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Case Study

How Being Smart about Degree Planning Can Save You Money: A Case Study

Alicia, Brad, Mike, and Lindsey go to Longwood University. Each student lives in Virginia, has the same degree requirements (120 credit hours), the same job and the same salary after college.

One student ends up over $53,000 ahead of the others… How?

 

Here’s the Story:

Alicia takes the ‘standard’ 15 credits a semester and graduates in 4 years.

Brad takes a 12 credit full-time course load each fall semester and 15 credits each spring. He will graduate one semester late, since he still needs 12 credit hours to reach the 120 credit hour requirement.  In other words, Brad will graduate in 4.5 academic years.

Lindsey takes a 12 credit full-time course load per semester in fall and spring, and graduates in 5 years.

Mike also takes a 12 credit full-time course load per semester in fall and spring.  Then he takes a year off in the middle of school to work 30 hours per week at the deli.  Mike also changes his major, which requires him to take 3 additional credits per semester in his last two years. He graduates in 6 years.

The cost for one credit hour at the in-state rate, taken on campus, is $378, and the scenario estimates an annual tuition increase of 4.5%. The entry level salary for their first job is $30,000 (with an annual increase of 3%).

 

Scenarios Showing Tuition and Fees (Excluding Room and Board) Plus Loss of Employment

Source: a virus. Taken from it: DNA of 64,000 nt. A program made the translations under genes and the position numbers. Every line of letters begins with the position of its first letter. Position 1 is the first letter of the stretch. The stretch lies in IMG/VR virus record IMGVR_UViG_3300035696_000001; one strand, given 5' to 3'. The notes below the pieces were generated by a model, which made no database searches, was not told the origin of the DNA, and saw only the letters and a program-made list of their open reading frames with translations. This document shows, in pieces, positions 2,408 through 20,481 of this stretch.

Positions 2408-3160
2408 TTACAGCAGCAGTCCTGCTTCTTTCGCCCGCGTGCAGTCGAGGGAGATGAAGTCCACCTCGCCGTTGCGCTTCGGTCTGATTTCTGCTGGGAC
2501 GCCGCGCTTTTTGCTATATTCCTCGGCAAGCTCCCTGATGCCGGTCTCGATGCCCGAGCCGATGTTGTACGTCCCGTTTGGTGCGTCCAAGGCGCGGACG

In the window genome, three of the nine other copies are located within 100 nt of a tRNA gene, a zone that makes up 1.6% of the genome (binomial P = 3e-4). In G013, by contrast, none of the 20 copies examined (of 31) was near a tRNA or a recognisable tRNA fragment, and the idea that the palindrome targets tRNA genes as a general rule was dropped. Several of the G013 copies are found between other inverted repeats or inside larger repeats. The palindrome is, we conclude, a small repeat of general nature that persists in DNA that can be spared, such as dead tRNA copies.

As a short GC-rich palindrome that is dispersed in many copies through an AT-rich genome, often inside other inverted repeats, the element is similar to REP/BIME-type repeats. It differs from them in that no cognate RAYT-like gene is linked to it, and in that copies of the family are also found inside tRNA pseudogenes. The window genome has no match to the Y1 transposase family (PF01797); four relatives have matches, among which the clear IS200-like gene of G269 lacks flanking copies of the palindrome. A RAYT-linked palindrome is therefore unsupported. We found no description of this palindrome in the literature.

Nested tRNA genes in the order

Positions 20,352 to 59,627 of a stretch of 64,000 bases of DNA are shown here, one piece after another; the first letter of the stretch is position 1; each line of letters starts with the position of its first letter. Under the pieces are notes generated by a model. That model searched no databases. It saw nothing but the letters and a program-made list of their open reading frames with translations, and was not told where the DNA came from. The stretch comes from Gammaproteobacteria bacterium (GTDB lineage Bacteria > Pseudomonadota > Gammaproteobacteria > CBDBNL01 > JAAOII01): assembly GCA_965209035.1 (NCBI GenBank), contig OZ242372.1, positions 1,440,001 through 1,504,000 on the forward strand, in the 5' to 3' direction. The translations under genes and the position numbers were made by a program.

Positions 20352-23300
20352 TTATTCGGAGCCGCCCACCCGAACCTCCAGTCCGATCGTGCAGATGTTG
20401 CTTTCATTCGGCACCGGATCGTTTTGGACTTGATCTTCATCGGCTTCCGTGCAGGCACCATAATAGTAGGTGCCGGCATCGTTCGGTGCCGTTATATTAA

Year 1

Year 2

Year 3

Year 4

Year 5

Year 6

Total After 6 Years

Alicia

Tuition
-$11,340

Tuition
-$11,850

Tuition
-$12,384

Tuition
-$12,941

Earnings
$30,000

Earnings
$30,900

$12,385

Brad

Tuition
-$10,206

Tuition
-$10,665

Tuition
-$11,145

Tuition
-$11,647

Tuition:
-$5,409

Earnings:
$15,000

Earnings
$30,450

-$3,622

Lindsey

Tuition
-$9,072

Tuition
-$9,480

Tuition
-$9,907

Tuition
-$10,353

Tuition
-$10,819

Earnings
$30,000

-$19,630

Mike

Tuition
-$9,072

Tuition
-$9,480

Earnings
$15,600

Tuition
-$10,353

Tuition
-$13,523

Tuition
-$14,132

-$40,960

 

Alicia is over $53,000 "ahead" of Mike, in terms of finances,
and has a 2 year head start in her professional experience!

 

What is the cost difference between graduating in 4, 4 ½, 5, and 6 years? It’s not about the tuition!

The above scenario focuses on the lost revenue from lack of employment. Let’s think about this scenario a little differently and only focus on the cost of attendance.  The difference in cost for completing a degree in 4 years versus  4 ½, 5 or even 6 years isn’t much when you only consider the anticipated increase in tuition each year since you are still taking a total of 120 credit hours, unless you change majors like Mike did. The big difference is the added housing and meal plan expense. 

Let’s use Alicia as the "standard", since she completed her degree in 4 years.  How much more does Brad, Mike and Lindsey pay for their additional time compared to Alicia?

Scenarios Showing Cost Differences for Housing/Meals
 

Number of Years

Estimated Additional Cost

Alicia

4 Years

Baseline

Brad

4.5 Years

-$6,897

Lindsey

5 Years

-$13,184

Mike

6 Years (with major change)

-$21,855